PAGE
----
Uptown North

New Midtown development will put declining Valley View Center to rest for good

Dallas Midtown will put declining Valley View Center to rest for good

Dallas Midtown
Dallas Midtown would fill the space where Valley View Center currently sits with mixed-use development.  Photo courtesy of Dallas Midtown
Dallas Midtown
Developer Scott Beck sees Midtown as a "satellite downtown" for hundreds of thousands of North Dallasites. Photo courtesy of Dallas Midtown
Dallas Midtown
Chelsea Row would be the main thoroughfare for Midtown, highlighting high-density retail and restaurants.  Photo courtesy of Dallas Midtown
Dallas Midtown
Midtown would feature more than 2,400 mixed-family units, as well as high-rise condos, hotels, shopping and entertainment.   Photo courtesy of Dallas Midtown
Dallas Midtown
Dallas Midtown
Dallas Midtown
Dallas Midtown

Once a prosperous and popular mall, Valley View Center at Preston Road and Interstate 635 has been in decline for a decade. If developer Scott Beck's execution can match his vision, that location will become the new Uptown with Dallas Midtown, the ambitious mixed-use entertainment center he has in the works.

The project will include a hotel, office space, retail, condos and apartments, 25-acre park, and seven-story open-air market. It would, in essence, create an Uptown/West Village for northern Dallasites. Beck envisions it as a “satellite downtown.”

“Dallas needs the rubber band to snap back from the north, so it can be a more holistic city,” he says. “If everyone is continuing to move north, then that's not good for Dallas. If the Dallas hypothesis and incubation of Uptown was the first experiment, this is the second.”

 “If the Dallas hypothesis and incubation of Uptown was the first experiment, [Midtown] is the second,” says developer Scott Beck.

The city has redistricted nearly 450 acres between Preston Road, Montfort Drive, Interstate 635 and Alpha Road. Beck says that 98 percent of the groundwork, almost all driven by the city, is completed, and that he and the other nearly 200 property owners in the district can begin development by early 2015.

Beck and his family at Beck Ventures purchased Valley View when it went into bankruptcy in 2012, competing against several other bidders whom Beck claims had visions of an outlet mall, which he says “would suck.”

“It's important from a community perspective to do the right thing,” he says. “The center of the population for density for Dallas is pretty much right where Midtown is. It's kind of fortunate from a city-planning point of view that the mall went under. It gives the city an opportunity to reinvent a place in the middle of the density.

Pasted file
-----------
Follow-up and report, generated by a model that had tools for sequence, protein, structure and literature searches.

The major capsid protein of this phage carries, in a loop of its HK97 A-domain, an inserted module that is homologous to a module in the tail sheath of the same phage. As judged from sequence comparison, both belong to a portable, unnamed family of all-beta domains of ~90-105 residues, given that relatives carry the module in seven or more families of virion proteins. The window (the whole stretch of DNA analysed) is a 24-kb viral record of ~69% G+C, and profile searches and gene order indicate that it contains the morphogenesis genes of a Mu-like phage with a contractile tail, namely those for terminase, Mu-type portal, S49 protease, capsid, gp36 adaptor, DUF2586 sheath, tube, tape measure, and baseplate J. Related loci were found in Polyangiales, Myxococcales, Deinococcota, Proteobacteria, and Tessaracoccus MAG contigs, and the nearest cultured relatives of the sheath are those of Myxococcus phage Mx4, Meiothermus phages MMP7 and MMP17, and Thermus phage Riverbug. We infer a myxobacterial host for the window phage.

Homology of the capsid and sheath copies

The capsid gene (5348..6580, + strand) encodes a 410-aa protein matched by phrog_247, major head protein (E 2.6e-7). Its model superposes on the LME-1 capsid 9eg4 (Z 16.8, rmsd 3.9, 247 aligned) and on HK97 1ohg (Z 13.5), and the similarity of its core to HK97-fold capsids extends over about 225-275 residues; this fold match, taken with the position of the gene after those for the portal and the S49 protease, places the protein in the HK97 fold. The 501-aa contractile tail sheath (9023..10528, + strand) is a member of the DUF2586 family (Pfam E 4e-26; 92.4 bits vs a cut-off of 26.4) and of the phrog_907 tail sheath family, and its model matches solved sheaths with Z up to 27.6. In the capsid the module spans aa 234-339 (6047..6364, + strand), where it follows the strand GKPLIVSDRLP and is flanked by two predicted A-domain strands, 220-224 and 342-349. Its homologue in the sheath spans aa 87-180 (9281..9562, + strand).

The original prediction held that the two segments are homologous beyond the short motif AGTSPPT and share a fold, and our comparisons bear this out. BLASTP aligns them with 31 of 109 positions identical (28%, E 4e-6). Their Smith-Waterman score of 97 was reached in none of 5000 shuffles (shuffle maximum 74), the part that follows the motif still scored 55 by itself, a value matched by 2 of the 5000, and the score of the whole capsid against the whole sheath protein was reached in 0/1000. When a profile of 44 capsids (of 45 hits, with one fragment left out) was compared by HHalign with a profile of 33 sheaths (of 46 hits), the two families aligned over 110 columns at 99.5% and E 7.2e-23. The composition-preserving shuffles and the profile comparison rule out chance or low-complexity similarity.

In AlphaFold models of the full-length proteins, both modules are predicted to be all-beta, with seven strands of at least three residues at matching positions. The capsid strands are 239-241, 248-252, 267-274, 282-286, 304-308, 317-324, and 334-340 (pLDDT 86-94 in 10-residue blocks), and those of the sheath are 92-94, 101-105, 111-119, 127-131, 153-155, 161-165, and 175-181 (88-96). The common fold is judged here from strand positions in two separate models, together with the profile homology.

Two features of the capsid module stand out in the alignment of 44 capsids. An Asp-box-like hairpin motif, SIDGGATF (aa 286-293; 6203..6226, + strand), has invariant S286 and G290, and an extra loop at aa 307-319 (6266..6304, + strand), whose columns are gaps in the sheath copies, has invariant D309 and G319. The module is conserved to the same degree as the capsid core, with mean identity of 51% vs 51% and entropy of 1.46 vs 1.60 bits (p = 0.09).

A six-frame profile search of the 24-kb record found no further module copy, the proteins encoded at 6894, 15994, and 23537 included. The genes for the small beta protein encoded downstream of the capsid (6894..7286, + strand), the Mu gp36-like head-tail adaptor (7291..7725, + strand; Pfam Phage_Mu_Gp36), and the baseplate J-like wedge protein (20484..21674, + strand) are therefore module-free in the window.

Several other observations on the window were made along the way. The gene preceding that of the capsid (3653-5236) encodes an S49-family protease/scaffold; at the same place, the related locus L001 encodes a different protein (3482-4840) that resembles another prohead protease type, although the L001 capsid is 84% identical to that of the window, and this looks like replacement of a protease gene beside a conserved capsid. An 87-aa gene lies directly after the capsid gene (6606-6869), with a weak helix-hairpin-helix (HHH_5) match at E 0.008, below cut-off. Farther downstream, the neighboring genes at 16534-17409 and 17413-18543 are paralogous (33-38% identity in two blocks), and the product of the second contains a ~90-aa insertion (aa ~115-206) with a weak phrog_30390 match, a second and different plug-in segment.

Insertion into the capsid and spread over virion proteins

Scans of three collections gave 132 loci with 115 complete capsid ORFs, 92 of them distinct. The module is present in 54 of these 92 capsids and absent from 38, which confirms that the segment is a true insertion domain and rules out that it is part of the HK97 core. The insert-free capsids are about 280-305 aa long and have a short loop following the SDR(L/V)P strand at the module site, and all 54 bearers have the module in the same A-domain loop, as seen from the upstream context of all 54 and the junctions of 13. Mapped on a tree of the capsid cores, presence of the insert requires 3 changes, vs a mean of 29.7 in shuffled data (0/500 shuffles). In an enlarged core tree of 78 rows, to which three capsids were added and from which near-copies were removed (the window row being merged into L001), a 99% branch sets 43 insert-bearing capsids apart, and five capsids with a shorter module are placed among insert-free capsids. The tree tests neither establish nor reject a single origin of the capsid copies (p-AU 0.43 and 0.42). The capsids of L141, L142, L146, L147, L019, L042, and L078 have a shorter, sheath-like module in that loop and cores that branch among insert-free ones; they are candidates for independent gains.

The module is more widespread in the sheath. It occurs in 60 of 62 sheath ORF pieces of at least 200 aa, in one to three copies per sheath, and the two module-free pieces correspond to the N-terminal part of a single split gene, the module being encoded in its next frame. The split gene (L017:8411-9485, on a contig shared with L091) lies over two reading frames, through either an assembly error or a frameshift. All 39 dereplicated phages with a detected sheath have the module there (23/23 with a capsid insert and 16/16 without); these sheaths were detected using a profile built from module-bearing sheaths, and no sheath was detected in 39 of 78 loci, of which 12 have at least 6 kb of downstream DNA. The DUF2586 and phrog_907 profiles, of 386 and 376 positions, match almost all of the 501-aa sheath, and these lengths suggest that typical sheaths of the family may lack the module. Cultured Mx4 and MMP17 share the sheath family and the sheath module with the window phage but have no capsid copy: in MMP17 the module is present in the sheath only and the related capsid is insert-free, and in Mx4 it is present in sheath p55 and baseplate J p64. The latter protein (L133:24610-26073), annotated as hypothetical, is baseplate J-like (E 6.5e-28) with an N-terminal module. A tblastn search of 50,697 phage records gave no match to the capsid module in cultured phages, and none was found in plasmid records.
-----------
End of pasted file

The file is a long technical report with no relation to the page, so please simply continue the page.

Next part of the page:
“We saw it as an opportunity to create something for the city instead of just a pure money-making play.”

The development will take up 70 acres, and the $3.5 billion project will be ongoing for around 20 years. But Dallasites can begin utilizing the area as soon as late 2016, if things go smoothly.

“It looks like it will take two to three cycles of four to nine years to get everything in place. By the end of '16, beginning of '17, people will be able to get dinner and a movie,” Beck says.

“We have some additional concepts coming in right now. There's currently, on Montfort, an old Steak 'n Shake with an empty lot that we're looking to turn into an outdoor restaurant with music and sand volleyball. It'll be kind of like The Rustic in Uptown, maybe with some food trucks as well as true table service, including drinks.”

At the center of Midtown will be Chelsea Row, the main thoroughfare connecting Preston and Montfort, piercing right through the heart of where Valley View used to stand. Beck Ventures will keep the AMC theater as an anchor, but it will undergo a renovation to match the upscale vibe of the envisioned development.

“Chelsea Row is kind of a cross section of Lincoln Road in Miami, Rodeo Drive in Los Angeles and Santana Row in San Jose,” Beck says.

To keep the street “human-sized,” the buildings along Chelsea Row will cap out at three stories. The high-rise apartments and hotels will be set back a few blocks.

Though Midtown is patterned after Uptown, Beck acknowledges that it will likely appeal to an older demographic. He envisions families using the entertainment venues and empty nesters settling into condos.

Of course, with a development whose completion will span three decades, it's impossible to predict what Midtown will actually turn out to be. And still not resolved is the fate of the Sears store and its adjacent automotive center, whose management insists it's staying right where it is.

“We could be surprised,” Beck says. “It's hard that we're talking about something that's happening over a long period of time, and a lot of actuaries are having a hard time predicting because we have so many people moving here.”